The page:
Happy returns? Not always
INDIANAPOLIS - The Horror! The Horror!
Every punt returner in the league felt for Kyle Williams. The young 49er started the NFC Championship game minding his own business and finished it as the perpetrator of a two-pronged returners’ faux pas.
1. Stay away from the bouncing ball.
2. Once you get the ball, hold onto the damn thing.
“It’s tough,’’ says Will Blackmon, who was on the other side of the field, wearing a Giants uniform, when Williams’s double nightmare occurred. “He’s a good player, and he was having an awesome game.’’
But no one will ever recall the good things Williams did in that contest. The world will only remember that he allowed one bouncing ball on a punt to graze his uniform, creating a live ball that was recovered by New York, and that he fumbled while returning another punt. Each led to scores, without which the Giants would not have won the game and advanced to Super Bowl XLVI.
“It shows you the influence of the punt return,’’ observes Blackmon.
Returning punts is not for everybody. Not all fast, shifty, and even courageous candidates are created alike. The job takes a certain je ne sais quoi that makes the people who excel at the art among the most admired in the sport.
People, for example, like . . .
Billy “White Shoes’’ Johnson.
“He was probably the best I’ve seen,’’ says Gil Brandt, the legendary Cowboys personnel director in the 1960s, ’70s, and ’80s. It’s hard to quarrel with that nomination, Mr. White Shoes being the punt returner selected for the NFL 75th anniversary team.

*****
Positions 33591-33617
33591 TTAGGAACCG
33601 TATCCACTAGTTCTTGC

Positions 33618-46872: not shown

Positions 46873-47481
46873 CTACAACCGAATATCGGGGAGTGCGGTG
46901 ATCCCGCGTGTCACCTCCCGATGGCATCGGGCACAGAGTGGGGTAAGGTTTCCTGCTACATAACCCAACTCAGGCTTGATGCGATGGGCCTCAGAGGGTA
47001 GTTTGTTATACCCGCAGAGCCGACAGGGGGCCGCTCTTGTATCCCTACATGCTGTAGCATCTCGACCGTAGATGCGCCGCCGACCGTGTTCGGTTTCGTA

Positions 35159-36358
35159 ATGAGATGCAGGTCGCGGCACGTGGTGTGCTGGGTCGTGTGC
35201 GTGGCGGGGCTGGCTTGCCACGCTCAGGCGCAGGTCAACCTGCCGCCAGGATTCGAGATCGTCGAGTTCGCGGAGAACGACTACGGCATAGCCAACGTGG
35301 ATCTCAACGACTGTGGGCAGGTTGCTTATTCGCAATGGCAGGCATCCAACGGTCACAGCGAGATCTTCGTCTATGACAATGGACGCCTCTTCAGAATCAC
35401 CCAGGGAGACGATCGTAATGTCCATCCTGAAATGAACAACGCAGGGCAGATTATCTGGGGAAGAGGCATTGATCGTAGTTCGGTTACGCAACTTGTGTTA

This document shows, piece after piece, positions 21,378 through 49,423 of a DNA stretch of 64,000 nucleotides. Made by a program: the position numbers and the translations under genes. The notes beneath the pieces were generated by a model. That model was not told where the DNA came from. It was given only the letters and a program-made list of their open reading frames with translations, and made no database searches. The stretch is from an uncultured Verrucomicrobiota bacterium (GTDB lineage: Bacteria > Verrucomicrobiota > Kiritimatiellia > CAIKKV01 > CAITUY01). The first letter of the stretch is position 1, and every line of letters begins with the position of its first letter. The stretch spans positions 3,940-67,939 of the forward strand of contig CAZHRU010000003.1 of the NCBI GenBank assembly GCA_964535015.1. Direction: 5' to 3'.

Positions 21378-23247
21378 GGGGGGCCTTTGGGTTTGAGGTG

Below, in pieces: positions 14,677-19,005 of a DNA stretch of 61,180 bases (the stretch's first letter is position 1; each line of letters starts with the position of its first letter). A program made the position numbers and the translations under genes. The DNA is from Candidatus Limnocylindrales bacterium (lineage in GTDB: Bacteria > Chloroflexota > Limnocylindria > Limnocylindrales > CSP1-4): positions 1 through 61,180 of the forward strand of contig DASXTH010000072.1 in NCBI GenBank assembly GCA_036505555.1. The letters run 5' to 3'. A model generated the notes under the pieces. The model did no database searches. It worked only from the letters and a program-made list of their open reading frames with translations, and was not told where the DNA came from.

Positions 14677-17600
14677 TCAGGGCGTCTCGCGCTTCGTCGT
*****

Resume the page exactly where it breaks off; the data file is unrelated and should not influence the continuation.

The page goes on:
But there have been a few others who have risen above the pack, among them Eric Metcalf, David Meggett, and Deion Sanders. In today’s era, we have the jaw-dropping Devin Hester, who has taken 12 punts to the House in his six years. Now we have another sensation in Cardinals rookie Patrick Peterson, who brought four punts back for touchdowns.
“Patrick Peterson,’’ marvels Blackmon, the former Boston College star. “Somebody molded him from clay and put him into some kind of weird machine. He’s 220 and he runs a 4.2? C’mon.’’
“He’s very special,’’ acknowledges career punt returner Kevin Faulk. “But look where he went to school.’’
Yes, Kevin, he’s a fellow LSU Tiger.
So what does it take to do this job properly? Besides being fast, elusive, and explosive? Besides having excellent hands? Besides having the ability to make a very fast and difficult decision about whether or not to catch the ball or signal for a fair catch?
“You have to be nuts to do it,’’ insists Blackmon, who certainly sounds rational enough.
“I refused to return punts in high school,’’ Blackmon explains. “I saw enough guys getting killed, left and right, doing it.’’
Things changed when he got to BC.
“They said, ‘You’ve got to go back there,’ so I did,’’ he said.
Ten years later, he’ll be returning kickoffs and, yes, punts, in Super Bowl XLVI.
Start with the obvious: You’ve got to catch the ball. Sometimes that’s not so easy.
As Blackmon explains, the ball comes off the foot differently, depending on whether the punter is right-footed, or, like the Patriots’ Zoltan Mesko, left-footed.